Some would limit what the NSA and other agencies are allowed to see. By presidential order or through new legislation, agencies will parse more carefully between communications originating from a foreign source and those involving U.S. citizens. They'll be asked to excise most information accidentally gleaned from citizens without a court order. Special (though vague) procedures will safeguard communications of friendly foreign leaders. The NSA also promises to limit the number of "hops" or degrees of separation it will trace, during traffic analysis. In each case, we must accept on face value its promise not to look.

FOLLOWING STRICTER PROCEDURES

Other proposals would raise procedural hoops, such as defining more carefully when the FBI may issue national security letters compelling companies to hand over customer communications data. President Obama dropped the notion of requiring court orders, but he does raise the bar a bit. The most significant measure would forbid agencies storing phone records themselves. These would be cached elsewhere, at first by the carriers, then with a separate custodian. The NSA would face a low bar in asking to look, but it'd have to ask.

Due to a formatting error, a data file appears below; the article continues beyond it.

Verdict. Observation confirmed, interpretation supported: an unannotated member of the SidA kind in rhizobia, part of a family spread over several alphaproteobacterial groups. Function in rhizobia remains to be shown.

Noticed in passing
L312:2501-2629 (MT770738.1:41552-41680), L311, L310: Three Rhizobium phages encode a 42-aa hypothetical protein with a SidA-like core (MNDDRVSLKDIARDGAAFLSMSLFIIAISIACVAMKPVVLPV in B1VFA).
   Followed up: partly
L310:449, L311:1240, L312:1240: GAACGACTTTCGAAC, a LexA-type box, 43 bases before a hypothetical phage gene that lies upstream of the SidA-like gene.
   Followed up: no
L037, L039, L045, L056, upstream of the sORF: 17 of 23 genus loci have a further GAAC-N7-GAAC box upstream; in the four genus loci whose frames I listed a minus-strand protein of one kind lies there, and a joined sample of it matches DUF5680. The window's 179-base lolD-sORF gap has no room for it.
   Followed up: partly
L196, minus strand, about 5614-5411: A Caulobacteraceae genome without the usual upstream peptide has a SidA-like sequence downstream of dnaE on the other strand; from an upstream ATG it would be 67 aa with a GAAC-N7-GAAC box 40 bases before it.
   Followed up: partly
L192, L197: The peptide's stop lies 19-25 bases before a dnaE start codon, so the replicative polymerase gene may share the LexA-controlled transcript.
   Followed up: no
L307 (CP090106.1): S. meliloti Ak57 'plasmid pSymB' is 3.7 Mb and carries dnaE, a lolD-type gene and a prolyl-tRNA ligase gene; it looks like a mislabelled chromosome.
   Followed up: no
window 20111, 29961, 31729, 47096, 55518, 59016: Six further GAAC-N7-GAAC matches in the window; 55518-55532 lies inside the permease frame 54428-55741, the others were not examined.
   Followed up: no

ACTUAL SUPERVISION

The final category increases transparency and accountability. For example, an ombudsman representative or privacy advocate would be appointed to the U.S. Foreign Intelligence Surveillance Court (FISC/FISA), making it adversarial, as a "court" should be. And national security letters will no longer come with permanent gag orders, except in critical cases, cell-companies and ISPs could publish general statistics about how much data was demanded -- crucial transparency, if citizens are to continue this discussion.